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From times immemorial, a firm belief in the existence of a Supernatural Being, omniscient, omnipresent, and omnipotent, seems to have been ingrained in the very nature of man. By somehow establishing contact with this Being, often called God, one can get whatever one wants in life. This is the conviction resulting from this belief. Hinduism proclaims that this God is both nirākāra and nirguṇa (without any particular form or attributes) while also being sākāra and saguṇa (capable of assuming any form and attributes at will). Performance of rituals, worships, and pūjas is one of the easier means to achieve the purity of mind. However, they should be done meticulously with a proper knowledge of the spirit behind them. If the symbolical meaning and significance of the icon is understood properly, the icon itself will become an actualized form of the ideal. An illustration can make this point more clear. Water can exist in four states: ice, liquid crystal, liquid water, and vapor or steam. In whatever form you use it, still it is water. Once this is acknowledged, the necessity for and the role of rituals on the path of bhakti can easily be recognized and appreciated.
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Worship of God can be either internal or external. Internal worship called mānasa pūja is actually meditation (contemplation) or ritualistic with all the ingredients, but all done mentally. Our ancient sages have thoughtfully developed various steps involved in an actual pūja or worship which can be done externally or mentally (mānasopachāra) with a bhāvana (concept, notion, attitude, idea). They have described panchaupachārās (five services), or daśaupachārās (ten services) - both for daily worship; for occasions śhoḍaśa (sixteen services), or the more elaborate shaḍasachaturdha upachārās (sixty four services). The ingredients are water, sandal paste, flowers, lighted lamp, incense sticks and food-offerings. All these can be done with the mental notion, concept and attitude. When understood properly and performed meticulously, they lead to inner purity and concentration.
The land which offered to the world mental contemplation and meditation as a part of worshipping God is our mother land, 'Mānasopachārapūjita Bhūmi'.
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Indian railway has been serving the country since 1853 without taking breaking, providing the utmost service to people. 168 years later Indian railway has emerged as one of the largest employers for the people with over 14 lakhs employees it has earned the place of the eighth biggest employer of the world.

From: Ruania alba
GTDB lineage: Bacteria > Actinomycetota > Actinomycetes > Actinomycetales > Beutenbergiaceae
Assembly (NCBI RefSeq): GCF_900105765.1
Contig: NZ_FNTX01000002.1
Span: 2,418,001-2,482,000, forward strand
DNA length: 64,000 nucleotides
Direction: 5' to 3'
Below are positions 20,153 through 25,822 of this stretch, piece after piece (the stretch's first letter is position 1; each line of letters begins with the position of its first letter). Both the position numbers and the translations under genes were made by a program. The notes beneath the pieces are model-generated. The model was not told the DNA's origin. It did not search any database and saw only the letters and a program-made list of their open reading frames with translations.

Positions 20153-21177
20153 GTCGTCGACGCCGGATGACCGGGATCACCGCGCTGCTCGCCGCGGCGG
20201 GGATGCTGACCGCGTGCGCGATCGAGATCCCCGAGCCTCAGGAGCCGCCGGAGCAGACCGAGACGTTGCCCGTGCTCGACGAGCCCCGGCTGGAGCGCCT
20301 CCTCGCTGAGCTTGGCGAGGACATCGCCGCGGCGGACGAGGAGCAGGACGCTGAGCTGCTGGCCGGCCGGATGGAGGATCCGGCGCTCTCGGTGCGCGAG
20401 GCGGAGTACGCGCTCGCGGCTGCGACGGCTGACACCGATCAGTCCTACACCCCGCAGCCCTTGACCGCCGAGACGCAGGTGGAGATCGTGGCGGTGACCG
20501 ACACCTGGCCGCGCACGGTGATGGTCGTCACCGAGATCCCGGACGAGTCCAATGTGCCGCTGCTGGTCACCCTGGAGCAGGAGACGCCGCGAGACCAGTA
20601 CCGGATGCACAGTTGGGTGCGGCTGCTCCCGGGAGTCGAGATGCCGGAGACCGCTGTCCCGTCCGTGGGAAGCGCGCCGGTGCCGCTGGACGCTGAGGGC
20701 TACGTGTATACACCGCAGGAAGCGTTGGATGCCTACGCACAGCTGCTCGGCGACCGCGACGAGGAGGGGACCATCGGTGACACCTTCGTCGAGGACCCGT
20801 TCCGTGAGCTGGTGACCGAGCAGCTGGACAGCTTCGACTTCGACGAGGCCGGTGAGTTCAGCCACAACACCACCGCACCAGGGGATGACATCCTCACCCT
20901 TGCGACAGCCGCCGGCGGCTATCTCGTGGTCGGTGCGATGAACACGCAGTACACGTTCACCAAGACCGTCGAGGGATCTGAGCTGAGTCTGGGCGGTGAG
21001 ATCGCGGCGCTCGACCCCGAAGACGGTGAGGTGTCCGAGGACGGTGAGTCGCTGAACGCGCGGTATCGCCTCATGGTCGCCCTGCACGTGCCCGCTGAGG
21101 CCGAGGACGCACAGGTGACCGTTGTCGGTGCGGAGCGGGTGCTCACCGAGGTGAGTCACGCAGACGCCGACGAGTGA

The first Indian Railways passenger train operated by the Great Indian Peninsula Railway was flagged from Bori Bunder Bombay to Thane covering a distance of 34 kilometers on April 16th, 1853. The 14-carriage train started from now Chhatrapati Shivaji Terminal hauling by three steam locomotive- Sindh, Sahib, and Sultan with 400 passengers on boards.
The Indian Railways in India are the largest rail web in Asia and the world's second-largest under one management. The Railway network has held the nation with a population of one billion people together as the lifeline of the nation.
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East India Company laid down the foundation of the Indian Railway
Great Britain was faced with the major cotton crop failure in 1846 in America, which caused the textile merchants at Manchester and Glasgow to seek alternatives in the markets. This crisis brought their attention to the cotton crop produced in India. But the crop was produced in various parts of the sub-continent. With no transportation that could quickly meet the demands in the market British introduced railways in India and laid down the first track in the country.
Britishers felt that with the introduction of a railway in the country organizing and dispersing the growing native population, faster deployment of troops would be better handled by a railway. A few years later in 1845 under the guidance of George T. Clarke, a strong lobby in Bombay supporting railway communication formed a body called the Bombay Great Eastern Railway. Even though this help with the momentum of the project people who were familiar with India's topography and geography, opposed the construction of railways as a "premature and expensive undertaking" and a "hazardous and "dangerous venture".